An attack on British Democracy

Jul 29, 2021 by

by David Collier:

On 23rd July 1866 the ‘Reform League’ attempted to meet in Hyde Park to demand the extension of the franchise. The Government declared the meeting illegal, closed the park and placed over 1000 police officers at the Marble Arch entrance in an attempt to stop the meeting. The police failed to stop them, the protestors entered the park, and three days of ‘skirmishes’ followed.

That movement for change proved unstoppable politically too. Within a year the government had passed the Reform Act of 1867. The area in which that meeting had been held was also given protection – and in 1872 another Act of Parliament led to the creation of Speakers Corner – a designated place in Hyde Park at which people could speak freely without fear of arrest or sanction. Because of the way in which it came about, Speakers Corner is embedded in the very history of the freedoms that we all enjoy. A hard-fought-for pillar of our precious British democracy.

Visiting Speakers Corner today

Like most young Londoners who take a day out to be tourists, I visited Speakers Corner a few times when I was younger. I always found it a fascinating place, with numerous oddballs standing on ladders, boxes or whatever came to hand – shouting out in earnest about the specific issue that bothered them. Unfortunately, since I have been researching antisemitism, I have had plenty of cause to return – and the difference could not have been more stark. Over the last few years, there has been a distinct change, as more and more of those gathering were pushing extremist Islamist ideologies – or more importantly, intimidating those that weren’t.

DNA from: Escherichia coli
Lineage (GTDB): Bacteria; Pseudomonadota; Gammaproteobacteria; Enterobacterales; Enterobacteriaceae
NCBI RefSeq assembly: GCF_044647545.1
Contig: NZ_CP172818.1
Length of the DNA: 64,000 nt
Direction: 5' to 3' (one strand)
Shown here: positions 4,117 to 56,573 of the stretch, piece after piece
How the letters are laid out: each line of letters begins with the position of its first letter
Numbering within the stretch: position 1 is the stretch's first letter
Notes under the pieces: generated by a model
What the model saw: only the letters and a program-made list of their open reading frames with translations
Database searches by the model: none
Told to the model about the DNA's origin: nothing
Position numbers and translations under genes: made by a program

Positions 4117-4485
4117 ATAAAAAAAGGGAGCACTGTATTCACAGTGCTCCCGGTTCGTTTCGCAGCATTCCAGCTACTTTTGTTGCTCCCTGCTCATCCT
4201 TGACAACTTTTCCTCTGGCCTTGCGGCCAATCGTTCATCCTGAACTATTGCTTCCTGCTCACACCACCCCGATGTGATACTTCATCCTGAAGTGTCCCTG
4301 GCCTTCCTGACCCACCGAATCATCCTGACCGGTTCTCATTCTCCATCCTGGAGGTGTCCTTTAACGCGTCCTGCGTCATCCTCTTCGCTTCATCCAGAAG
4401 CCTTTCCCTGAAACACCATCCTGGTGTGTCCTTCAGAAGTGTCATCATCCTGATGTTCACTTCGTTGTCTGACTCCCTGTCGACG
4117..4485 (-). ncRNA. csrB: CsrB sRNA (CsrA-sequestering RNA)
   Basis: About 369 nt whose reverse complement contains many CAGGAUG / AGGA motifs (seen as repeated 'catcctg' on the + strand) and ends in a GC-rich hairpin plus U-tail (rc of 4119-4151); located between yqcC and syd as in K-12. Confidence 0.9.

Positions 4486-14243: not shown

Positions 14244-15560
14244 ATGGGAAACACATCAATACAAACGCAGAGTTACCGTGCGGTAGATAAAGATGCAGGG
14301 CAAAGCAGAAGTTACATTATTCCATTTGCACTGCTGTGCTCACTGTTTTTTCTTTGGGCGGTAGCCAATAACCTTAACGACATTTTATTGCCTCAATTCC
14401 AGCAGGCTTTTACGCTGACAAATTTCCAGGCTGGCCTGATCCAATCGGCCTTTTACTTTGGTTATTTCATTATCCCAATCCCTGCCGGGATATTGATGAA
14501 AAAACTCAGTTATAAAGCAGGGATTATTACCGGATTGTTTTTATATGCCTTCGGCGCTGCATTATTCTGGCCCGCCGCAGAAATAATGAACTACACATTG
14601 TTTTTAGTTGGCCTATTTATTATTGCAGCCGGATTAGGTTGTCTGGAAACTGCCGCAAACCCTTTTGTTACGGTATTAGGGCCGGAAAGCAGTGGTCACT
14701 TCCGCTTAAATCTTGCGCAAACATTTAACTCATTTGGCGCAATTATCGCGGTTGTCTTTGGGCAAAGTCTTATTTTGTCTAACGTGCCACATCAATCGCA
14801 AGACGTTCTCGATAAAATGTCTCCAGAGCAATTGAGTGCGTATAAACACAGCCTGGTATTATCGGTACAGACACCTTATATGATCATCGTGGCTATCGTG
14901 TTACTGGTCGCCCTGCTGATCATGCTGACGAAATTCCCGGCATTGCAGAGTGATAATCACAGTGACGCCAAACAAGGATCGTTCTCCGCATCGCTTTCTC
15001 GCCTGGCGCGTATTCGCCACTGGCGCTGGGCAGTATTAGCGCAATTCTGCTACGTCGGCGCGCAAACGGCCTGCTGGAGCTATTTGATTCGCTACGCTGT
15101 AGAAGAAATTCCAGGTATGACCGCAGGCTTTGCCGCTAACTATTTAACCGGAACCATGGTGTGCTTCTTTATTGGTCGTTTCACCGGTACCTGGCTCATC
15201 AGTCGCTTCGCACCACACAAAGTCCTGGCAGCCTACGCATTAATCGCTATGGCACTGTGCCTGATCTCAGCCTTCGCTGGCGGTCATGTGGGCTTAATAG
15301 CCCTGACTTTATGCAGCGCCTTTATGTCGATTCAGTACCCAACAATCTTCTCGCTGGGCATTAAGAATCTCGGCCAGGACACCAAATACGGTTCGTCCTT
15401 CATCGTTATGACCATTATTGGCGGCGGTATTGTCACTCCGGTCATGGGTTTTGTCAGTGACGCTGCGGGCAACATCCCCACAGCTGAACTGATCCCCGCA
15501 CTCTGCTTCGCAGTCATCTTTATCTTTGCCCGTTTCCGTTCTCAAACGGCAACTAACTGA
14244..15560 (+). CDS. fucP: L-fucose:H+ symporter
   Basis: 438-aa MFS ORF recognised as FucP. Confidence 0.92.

Between 2014 and 2016 I would go once every three or four weeks. Then it turned to once every two months, then once every four or five. Over the last year I have been just twice – both times in some type of disguise. The reason I stopped going so often was simple – I was worried about my safety.

The 25/7/21 Speakers Corner terrorist attack

On Sunday, 25th July 2021 – exactly 155 years to the day after the Reform League protestors were battling in Hyde Park for the right to be given a voice, this piece of British democracy was attacked.

The targeted attack was against Hatun Tash, a Christian and Speakers Corner veteran. Hatun has a long history. Born in Turkey, she converted to Christianity from Islam and was forced to flee the rising aggression against her – as many ex-Muslims are.

Read here

Read also: Speakers’ Corner stabbing: ‘Freedom of speech is already in danger’ from Christian Concern

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